“But, I’m not racist.”: An Open Letter to My White Friends

Race – especially as it relates to violence – has been getting a lot of attention in the news this past year. It all began with the events that unfolded following the death of Michael Brown in Ferguson bringing us all the way to the recent rioting in Baltimore. This topic has been saturating the media so much so that I considered not writing this post. However, for the first time in my short life on this earth we are “allowed” to talk about race in the public forum. Conversations that have been whispered in secret for years are now coming to light. While my voice may be one of many, this is a conversation I want to be a part of.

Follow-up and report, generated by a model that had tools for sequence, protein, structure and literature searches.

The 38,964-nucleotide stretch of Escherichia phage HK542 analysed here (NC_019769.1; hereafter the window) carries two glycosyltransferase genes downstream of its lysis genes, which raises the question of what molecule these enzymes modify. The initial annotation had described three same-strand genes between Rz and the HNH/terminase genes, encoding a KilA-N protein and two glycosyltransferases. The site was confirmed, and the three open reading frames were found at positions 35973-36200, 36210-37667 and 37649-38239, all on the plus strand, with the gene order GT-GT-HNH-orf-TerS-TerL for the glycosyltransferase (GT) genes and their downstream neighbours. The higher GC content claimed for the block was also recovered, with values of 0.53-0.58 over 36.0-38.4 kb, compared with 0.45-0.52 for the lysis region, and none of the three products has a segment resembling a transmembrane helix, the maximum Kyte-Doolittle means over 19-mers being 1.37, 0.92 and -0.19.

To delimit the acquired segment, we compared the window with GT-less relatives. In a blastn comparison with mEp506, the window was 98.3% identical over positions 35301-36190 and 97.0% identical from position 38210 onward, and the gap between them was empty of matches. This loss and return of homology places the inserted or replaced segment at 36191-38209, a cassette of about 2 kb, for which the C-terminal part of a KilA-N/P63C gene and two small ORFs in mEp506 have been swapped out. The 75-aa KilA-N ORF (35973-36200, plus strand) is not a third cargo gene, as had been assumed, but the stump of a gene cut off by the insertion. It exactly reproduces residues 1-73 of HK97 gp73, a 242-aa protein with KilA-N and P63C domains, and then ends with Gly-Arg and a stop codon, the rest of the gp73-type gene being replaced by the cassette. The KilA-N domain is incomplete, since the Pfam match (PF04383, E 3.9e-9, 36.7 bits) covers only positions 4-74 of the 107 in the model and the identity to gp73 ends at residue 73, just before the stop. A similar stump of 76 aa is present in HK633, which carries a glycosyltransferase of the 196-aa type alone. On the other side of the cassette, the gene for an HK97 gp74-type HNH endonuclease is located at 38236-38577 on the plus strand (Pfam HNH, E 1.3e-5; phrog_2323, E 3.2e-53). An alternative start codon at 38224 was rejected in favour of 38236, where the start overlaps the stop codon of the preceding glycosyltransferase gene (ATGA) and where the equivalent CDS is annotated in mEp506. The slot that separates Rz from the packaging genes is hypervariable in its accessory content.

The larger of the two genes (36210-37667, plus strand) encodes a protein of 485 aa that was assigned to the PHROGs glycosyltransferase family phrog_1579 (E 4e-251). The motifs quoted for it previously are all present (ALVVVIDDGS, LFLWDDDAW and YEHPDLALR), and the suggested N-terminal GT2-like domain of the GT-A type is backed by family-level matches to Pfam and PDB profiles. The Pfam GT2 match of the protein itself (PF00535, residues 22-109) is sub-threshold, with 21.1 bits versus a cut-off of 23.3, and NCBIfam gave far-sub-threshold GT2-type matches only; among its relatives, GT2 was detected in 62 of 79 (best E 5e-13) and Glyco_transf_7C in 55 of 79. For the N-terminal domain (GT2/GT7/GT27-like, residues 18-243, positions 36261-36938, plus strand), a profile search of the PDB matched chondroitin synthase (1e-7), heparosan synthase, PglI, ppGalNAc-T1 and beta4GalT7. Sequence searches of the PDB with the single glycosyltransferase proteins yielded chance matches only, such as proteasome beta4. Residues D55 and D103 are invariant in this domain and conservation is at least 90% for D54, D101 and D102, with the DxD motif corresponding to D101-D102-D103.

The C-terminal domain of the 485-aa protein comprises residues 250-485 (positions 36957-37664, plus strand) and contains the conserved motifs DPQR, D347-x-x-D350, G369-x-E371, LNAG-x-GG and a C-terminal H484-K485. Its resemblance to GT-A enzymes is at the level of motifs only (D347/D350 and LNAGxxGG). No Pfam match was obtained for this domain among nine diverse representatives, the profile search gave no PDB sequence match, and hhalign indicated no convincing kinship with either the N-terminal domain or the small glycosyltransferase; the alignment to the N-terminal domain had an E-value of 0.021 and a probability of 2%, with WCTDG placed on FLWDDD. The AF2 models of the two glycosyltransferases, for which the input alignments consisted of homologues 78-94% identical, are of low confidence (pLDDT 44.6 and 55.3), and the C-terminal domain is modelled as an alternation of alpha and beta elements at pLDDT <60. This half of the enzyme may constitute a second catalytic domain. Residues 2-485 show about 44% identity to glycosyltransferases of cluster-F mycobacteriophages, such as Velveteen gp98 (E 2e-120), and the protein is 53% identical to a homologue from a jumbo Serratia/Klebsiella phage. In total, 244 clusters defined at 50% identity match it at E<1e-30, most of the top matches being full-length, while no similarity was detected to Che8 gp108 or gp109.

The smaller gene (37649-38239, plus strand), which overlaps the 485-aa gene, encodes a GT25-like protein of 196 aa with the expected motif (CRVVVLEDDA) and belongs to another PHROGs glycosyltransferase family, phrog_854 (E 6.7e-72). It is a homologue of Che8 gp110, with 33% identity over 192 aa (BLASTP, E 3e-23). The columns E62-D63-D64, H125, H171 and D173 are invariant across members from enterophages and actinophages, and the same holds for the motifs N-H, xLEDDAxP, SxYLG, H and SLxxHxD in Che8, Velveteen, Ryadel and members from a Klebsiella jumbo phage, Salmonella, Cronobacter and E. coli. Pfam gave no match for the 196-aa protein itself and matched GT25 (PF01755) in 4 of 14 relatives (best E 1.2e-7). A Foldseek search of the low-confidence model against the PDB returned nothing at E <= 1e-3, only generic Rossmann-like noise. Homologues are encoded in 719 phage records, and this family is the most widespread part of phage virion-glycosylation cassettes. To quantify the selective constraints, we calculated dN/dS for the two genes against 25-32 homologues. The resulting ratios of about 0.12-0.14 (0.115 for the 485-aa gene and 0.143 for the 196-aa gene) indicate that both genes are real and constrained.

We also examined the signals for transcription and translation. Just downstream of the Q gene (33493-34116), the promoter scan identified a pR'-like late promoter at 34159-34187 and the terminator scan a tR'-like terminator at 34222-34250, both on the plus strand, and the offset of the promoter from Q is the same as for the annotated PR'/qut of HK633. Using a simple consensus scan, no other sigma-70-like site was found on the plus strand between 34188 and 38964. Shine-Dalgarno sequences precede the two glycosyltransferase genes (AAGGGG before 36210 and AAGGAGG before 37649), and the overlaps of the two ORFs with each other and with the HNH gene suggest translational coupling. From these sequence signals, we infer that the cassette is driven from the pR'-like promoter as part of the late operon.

The other day a family friend posted this comment on Facebook: “so can someone clarify something? I thought this whole thing with Fred in Baltimore was a racial issue. White cops against Black man…but then I saw that they charged the 6 cops involved and 3 of the 6 are black, yes? Or did I see the wrong thing….. Don’t get me wrong…what happened is wrong from all that I have seen, heard or read….but I was under the understanding that race was an issue here.”

Is race the issue? Yes and no. Like a prism, there are many angles at which we can (and should) view the events that have transpired in our country over the course of the past year. Race, poverty, inequality, privilege, consumerism, slavery, the legal system, the school system, the political system…all of these components have both their place and voice in the larger conversation. Race may not be the only issue, but it is certainly a key issue if for no other reason than this is, perhaps, the first time since Dr. King that an open, public dialogue about race has been welcomed. Therefore, I am going to focus the rest of this post on race.